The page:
On the scientific construction of death traps
You wouldn’t trust me to build you a bridge. I just don’t “get” it. I don’t get why criss-crossing planks of wood positioned in a certain way makes a bridge sturdier rather than weighing the whole thing down. It’s a construction technique that I nevertheless had to pick up pretty quickly whilst playing Bridge Constructor Medieval. You play as the “Architect”, the Kingdom’s one and only civil engineer, whose duty it is to produce bridges when asked. It’s a puzzle game, as opposed to a simulation – which explains a lot, as you may be continually baffled by how things remain aloft.
Originally a mobile game, Bridge Constructor Medieval, sequel to the somewhat tone-less modern day Bridge Constructor, is a simple affair. The game involves a set of insular, increasingly difficult challenges – physics-puzzles where you’re given a set amount of gold and materials in order to build a bridge safe enough for your Kingdom’s men to cross. Initially there’ll be a lot of horses and carriages meeting their demise, dashed and shattered against cliff faces and rocky gorges below, all due to your shoddy handiwork. Gradually you’ll pick up the techniques required to build the right bridge: one with solid stone foundations, networks of light wooden beams supported by thick, stronger ones, with ropes supporting the entire shoogly mess. It might not be a science, but there’s something to it. There are materials to choose from (four or five), and some challenges will limit these, forcing you to utilise different techniques.
Considerations on the brutality of feudal society
There is however little impetus to build a bridge that will stand the test of time, all you really need to do is to build something that’ll hold up for just as long as it takes for your little men to cross. The bridges I built were usually always junk, wonky and throwaway. Bridge Constructor offers an industry of fast food style construction. Some challenges will even allow you to lose people, the bridge collapsing just behind the lucky few. You will succeed anyway. Feudalism sure was brutal, wasn’t it?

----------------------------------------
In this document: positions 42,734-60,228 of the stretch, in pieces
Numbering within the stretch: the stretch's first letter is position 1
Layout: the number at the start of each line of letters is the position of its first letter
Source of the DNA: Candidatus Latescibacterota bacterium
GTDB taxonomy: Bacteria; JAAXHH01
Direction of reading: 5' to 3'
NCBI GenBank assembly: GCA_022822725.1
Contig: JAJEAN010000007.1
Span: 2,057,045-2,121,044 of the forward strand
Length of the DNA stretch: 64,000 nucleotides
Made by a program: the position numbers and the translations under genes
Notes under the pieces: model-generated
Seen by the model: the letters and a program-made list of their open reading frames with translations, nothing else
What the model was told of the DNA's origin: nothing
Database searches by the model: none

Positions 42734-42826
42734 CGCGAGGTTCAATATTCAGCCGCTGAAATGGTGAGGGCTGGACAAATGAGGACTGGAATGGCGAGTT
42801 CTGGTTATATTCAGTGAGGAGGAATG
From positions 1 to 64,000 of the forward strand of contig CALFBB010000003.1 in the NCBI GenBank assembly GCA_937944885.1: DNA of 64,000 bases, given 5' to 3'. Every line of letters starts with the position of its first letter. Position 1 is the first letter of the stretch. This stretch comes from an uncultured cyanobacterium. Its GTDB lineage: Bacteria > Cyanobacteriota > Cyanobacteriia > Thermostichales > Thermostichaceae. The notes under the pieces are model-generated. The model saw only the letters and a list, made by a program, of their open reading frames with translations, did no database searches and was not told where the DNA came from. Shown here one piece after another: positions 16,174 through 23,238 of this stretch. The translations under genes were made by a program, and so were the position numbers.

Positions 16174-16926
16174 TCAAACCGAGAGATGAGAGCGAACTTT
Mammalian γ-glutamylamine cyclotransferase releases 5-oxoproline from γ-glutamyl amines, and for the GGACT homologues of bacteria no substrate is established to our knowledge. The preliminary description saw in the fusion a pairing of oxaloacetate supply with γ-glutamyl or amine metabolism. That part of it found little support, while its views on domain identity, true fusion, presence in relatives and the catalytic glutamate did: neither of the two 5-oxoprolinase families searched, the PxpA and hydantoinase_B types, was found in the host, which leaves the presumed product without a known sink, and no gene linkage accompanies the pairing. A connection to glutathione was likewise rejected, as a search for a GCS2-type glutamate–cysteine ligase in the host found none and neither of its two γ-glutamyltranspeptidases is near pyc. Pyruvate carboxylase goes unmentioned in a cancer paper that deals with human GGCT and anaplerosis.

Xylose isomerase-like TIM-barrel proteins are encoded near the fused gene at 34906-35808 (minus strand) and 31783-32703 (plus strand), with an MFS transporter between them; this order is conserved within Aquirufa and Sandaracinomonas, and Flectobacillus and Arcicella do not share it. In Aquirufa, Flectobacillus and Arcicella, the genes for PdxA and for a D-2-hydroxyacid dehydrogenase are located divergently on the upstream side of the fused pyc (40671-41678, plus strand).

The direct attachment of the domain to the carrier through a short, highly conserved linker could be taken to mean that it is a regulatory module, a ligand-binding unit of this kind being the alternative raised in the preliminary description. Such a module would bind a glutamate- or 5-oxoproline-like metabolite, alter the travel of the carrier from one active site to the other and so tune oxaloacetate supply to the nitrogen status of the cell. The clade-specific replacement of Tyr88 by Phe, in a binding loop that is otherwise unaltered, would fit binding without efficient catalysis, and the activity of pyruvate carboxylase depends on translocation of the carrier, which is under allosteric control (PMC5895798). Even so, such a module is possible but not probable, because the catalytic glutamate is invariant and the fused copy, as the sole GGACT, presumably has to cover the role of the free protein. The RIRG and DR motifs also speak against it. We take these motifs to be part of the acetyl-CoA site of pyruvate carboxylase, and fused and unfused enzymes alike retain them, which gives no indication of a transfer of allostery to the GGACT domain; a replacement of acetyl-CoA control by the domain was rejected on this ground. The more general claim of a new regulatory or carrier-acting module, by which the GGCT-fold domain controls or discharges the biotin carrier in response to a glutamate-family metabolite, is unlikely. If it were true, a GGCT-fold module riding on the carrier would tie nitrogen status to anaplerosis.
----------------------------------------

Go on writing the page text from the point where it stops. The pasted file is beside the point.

Bridges with a one-time use, cartoonish screams – it’s a silly little game. As the challenges progress you’ll be building protective roofs over your bridge to shield supply runners from an onslaught of catapult fire. However, the most interesting segments are about half way through the game. Instead of building bridges that are just good enough, you’re tasked with building bridges which are just shoddy enough. Suddenly it’s little enemy soldiers travelling the other way, attempting to cross your bridge and invade your lands; you want to build something sturdy enough that you won’t put them off of crossing entirely, but shoddy enough that when it starts to collapse there’ll be no turning back for them. Things really were brutal back in feudal times!
A bridge not far enough
It probably says a lot about my skills as a make-believe civil engineer when my favourite segments were the easy bits which rewarded building death traps. Bridge Constructor has its moments of frustration; sometimes you’re just doing it wrong. You can skimp on materials and earn gold medals for each challenge, but when all is said and done there are only so many ways to build a bridge (for example, attempting to build a bridge to space won’t work). Bridge Constructor can be a decent distraction, perfect for a few minutes of throwaway fun – but when there are so many exciting and creative construction games and simulations out there, Bridge Constructor begins to look lightweight and weak, like one of my own engineering creations. The mobile version made perfect sense. Whilst there’s nothing really noxious about the PC port, I don’t think it has enough interesting elements or depth to warrant immediate attention.
Building death traps is amusing, mixes things up nicely by rewarding death traps, funny screams when your little men fall to their deaths
Can be frustrating, too few options, probably more suited to the mobile platform, feudalism was brutal